Riding Schools / Motorcycle Racing
Following is a
review of some of the riding schools that
I've attended. While each uses a somewhat
different approach and philosophy, they
are all aimed at improving your skills
and enjoyment of riding.
But why take a track riding school or
track racing school?
For one thing, taking a
riding school offered at a racing track
provides the ideal learning scenario to
safely improve your riding skills.
Track-based training will improve you
more than any amount of money that you
can spend on your bike in high
performance parts and accessories.
Contrary to popular
belief, practice does not make perfect.
Perfect practice makes perfect. If you
want to learn how to swing a golf club,
you can go out to a driving range and
practice 3 hours a day for 5 days a week.
Unsupervised, this ensures that you will
deeply ingrain bad habits and technique.
As any sport instructor will tell you, a
lot of time is initially spent trying to
rid a participant of deeply ingrained
errors in technique. And this applies to
riding a motorcycle too.
The track provides the
opportunity to ride your bike in a
predictable and controlled environment.
As opposed to the street, traffic is all
going the same direction and there are no
cars. The corners are all known. Each
corner is posted with a corner worker to
alert you to any unsafe conditions ie
debris on track etc. There is emergency
personnel on standby.
On the track, there is
also little reason to ever go into a turn
a little too hot and get all bunched up.
That can happen on the street because we
misjudge the turn radius and hence the
correct entry speed. But on a track, all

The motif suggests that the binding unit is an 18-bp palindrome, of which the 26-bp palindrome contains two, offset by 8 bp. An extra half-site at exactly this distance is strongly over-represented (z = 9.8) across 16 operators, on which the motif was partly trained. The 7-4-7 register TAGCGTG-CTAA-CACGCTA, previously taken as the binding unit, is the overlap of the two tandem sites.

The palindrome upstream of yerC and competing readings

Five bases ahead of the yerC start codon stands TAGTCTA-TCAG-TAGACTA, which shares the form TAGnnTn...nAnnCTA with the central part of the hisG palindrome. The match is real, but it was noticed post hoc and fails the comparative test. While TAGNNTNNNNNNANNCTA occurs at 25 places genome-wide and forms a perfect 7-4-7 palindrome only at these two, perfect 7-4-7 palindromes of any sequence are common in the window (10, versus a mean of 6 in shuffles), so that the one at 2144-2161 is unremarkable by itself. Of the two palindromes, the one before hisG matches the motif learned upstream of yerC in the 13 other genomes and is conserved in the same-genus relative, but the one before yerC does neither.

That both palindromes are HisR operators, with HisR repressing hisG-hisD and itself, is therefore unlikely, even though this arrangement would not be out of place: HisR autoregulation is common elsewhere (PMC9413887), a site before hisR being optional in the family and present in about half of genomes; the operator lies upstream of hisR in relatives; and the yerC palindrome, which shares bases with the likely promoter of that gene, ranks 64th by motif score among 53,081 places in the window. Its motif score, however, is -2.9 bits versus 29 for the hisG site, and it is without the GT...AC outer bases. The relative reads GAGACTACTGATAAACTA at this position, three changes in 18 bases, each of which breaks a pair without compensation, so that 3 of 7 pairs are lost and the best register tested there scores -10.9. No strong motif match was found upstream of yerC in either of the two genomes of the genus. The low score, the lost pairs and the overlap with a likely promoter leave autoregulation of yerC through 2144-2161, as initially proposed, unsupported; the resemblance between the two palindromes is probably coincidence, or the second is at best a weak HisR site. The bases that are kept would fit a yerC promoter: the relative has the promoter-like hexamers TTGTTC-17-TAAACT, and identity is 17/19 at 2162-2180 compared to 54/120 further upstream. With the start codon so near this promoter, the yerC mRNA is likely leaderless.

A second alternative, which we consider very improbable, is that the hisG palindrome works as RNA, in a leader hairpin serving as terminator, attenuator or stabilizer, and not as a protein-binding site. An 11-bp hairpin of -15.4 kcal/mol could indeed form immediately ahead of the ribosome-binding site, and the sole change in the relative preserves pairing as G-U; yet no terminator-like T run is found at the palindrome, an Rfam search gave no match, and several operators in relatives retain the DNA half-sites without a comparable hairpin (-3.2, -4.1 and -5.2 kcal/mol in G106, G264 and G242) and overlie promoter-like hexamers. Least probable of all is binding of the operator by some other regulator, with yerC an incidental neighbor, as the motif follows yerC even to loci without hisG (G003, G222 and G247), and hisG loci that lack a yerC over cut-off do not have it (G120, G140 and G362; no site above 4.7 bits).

corners are known. No surprises. We dial
in the entry speed that is comfortable to
us and adjust this progressively as our
skill and confidence build. A least,
thats how it should be.
Some non-sport riders can
initially be intimidated by taking a
track riding school. I suspect that a lot
has to do with how powerful words are in
affecting how we perceive a situation.
For example, a track day takes place on a
R A C E track. That association can often
conjure up expectations of having to go
out and slay the dragon, of having to
prove ourselves. After all, that's what a
race track is about. Competitive endeavor
and proving yourself, pushing your
And for some, this can be a little
intimidating. I've seen many track days
where first timers are a little nervous.
And yet, the reality is that there is
little to be nervous about. Again, the
environment is controlled and there is
support staff on hand. Would you be
nervous before heading out on beautiful
roads in West Virginia, Tennessee, North
Carolina, or Northern Georgia? And yet,
the environment there is much less
So if the idea of riding
on a race track makes you uncomfortable,
you might change the wording and think of
track school as a Rider Development
Course. The expectation then changes from
one of going out to slay the dragon, to
one of going out to practice and improve
Your understanding of how
your bike behaves will improve as will
your braking ability.
Not only will this make
you a better rider and safer, but your
enjoyment of riding will increase too.